Sodas as Boundary Objects in Development Practice

Authors: Daniel Abrahams*, University of South Carolina
Topics: Political Geography, Development, Qualitative Methods
Keywords: Development, Africa, Implementation, Boundary Objects, Practice, Applied
Session Type: Paper
Day: 4/7/2019
Start / End Time: 3:55 PM / 5:35 PM
Room: Balcony B, Marriott, Mezzanine Level
Presentation File: No File Uploaded


For those familiar with development practice, sodas are easily overlooked as the empty calories that
satiate ‘beneficiaries’, local officials, and project partners during community meetings and mid-afternoon
breaks. However, a closer examination of their role in development reveals that far from frivolous, sodas
are powerful boundary objects that help govern agency-community relations, can be a bellwether for
program efficacy, and are a core component of the development of a marketplace that increasingly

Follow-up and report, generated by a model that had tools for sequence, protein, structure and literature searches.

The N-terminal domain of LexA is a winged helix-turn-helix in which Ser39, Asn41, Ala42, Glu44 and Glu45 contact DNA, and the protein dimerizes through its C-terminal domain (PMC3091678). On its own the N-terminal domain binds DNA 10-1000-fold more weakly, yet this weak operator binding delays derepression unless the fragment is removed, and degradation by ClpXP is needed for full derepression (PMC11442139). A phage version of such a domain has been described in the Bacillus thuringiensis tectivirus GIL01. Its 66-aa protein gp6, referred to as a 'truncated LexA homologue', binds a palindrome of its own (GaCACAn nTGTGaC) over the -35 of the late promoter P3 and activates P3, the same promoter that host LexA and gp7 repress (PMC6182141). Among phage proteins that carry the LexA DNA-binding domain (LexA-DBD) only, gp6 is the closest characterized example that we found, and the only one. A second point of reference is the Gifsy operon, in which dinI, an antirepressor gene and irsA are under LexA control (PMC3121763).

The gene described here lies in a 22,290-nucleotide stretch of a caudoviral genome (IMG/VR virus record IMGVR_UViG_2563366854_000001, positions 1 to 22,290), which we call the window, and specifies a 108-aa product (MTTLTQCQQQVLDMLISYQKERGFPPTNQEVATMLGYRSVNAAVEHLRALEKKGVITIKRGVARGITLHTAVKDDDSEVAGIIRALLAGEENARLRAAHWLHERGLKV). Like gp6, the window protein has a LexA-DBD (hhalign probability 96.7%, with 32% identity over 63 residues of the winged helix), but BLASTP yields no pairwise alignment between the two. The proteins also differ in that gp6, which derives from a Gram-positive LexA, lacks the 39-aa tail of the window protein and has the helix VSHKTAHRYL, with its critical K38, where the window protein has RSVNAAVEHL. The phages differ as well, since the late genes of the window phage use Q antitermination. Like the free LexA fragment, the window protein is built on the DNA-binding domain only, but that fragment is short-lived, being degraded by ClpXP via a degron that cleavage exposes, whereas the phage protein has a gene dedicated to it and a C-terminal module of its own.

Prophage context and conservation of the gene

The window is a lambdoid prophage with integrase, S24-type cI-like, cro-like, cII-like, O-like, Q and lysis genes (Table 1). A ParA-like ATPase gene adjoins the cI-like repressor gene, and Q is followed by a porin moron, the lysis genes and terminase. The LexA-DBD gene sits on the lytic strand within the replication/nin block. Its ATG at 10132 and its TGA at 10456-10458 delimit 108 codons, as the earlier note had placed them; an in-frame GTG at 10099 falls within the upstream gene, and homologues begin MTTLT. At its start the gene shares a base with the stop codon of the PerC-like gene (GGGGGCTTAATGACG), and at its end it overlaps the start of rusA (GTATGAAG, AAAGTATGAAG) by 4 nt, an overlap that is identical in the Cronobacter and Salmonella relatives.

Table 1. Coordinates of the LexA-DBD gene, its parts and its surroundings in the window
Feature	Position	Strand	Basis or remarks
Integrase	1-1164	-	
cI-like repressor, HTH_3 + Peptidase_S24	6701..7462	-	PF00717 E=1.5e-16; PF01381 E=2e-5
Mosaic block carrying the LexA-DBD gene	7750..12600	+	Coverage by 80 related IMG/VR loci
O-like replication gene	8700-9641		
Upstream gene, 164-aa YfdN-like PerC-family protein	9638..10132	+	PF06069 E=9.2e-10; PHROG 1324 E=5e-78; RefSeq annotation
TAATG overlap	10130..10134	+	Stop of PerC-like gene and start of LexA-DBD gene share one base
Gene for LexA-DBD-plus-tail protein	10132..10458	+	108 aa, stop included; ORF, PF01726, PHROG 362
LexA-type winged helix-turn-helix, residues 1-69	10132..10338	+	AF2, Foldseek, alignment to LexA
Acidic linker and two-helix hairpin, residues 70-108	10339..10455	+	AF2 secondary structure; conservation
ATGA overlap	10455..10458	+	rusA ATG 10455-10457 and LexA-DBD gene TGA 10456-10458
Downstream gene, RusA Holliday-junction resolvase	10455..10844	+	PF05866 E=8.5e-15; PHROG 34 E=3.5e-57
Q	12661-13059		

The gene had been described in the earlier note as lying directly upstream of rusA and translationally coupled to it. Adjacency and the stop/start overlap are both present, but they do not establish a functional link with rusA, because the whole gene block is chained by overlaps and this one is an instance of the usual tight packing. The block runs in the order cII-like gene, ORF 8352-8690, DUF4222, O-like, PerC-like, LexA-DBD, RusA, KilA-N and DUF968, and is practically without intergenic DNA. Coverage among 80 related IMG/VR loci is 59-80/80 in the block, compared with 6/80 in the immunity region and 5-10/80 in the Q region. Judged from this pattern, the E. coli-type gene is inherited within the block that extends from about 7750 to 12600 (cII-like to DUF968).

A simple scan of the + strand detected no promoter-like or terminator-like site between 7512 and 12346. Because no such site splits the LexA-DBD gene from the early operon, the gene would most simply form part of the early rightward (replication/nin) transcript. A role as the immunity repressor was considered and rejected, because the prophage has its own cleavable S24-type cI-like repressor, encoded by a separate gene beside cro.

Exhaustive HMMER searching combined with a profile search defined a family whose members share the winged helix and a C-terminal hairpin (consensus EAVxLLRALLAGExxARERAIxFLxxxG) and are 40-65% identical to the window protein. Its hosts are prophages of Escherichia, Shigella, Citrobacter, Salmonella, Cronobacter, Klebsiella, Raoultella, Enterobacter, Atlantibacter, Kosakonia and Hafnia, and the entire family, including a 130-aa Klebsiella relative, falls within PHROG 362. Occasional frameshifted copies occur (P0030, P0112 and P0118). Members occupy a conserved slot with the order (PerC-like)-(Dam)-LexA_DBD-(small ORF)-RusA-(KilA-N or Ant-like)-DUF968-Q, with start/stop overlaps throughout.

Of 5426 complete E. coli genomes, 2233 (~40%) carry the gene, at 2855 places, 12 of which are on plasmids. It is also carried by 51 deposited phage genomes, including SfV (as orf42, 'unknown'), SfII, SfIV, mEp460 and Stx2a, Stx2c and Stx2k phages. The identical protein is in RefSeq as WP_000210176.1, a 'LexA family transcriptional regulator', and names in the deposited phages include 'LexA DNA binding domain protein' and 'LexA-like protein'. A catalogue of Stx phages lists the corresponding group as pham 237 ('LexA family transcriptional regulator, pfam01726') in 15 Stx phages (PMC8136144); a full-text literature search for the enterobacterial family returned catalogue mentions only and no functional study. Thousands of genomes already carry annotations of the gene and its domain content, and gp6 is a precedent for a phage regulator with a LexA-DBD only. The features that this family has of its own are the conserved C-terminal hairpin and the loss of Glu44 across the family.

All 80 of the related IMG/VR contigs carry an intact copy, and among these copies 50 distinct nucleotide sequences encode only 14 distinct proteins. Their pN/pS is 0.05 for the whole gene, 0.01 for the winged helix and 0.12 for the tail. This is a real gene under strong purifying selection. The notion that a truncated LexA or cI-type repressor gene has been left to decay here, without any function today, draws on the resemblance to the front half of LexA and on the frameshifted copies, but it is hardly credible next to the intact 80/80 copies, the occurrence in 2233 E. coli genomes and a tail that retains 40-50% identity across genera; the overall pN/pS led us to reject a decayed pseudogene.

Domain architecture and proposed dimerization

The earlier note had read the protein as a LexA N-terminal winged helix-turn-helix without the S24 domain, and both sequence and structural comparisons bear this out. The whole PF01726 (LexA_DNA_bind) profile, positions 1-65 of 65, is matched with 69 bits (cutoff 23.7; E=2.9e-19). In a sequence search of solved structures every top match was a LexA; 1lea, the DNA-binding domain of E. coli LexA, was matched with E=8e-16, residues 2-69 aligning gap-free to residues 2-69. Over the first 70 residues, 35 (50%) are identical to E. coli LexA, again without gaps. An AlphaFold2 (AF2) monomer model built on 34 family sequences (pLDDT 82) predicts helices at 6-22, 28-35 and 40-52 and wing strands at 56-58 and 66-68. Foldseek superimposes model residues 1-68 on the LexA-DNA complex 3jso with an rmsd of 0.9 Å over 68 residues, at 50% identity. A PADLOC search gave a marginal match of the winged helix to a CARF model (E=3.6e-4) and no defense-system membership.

commodifies the time and attention of those receiving development programming. This paper, which is
grounded in eight months of fieldwork conducted in Karamoja, Uganda alongside the international
development agency Mercy Corps, critically examines the role of sodas in development. Using multiple
examples where the presence and absence of sodas was explicitly addressed in the context of
interactions between development practitioners and communities receiving programming, this paper
explores how this seemingly quotidian aspect of program implementation and stakeholder engagement is,
in fact, deeply representative of the politics, barriers, and contradictions of development.

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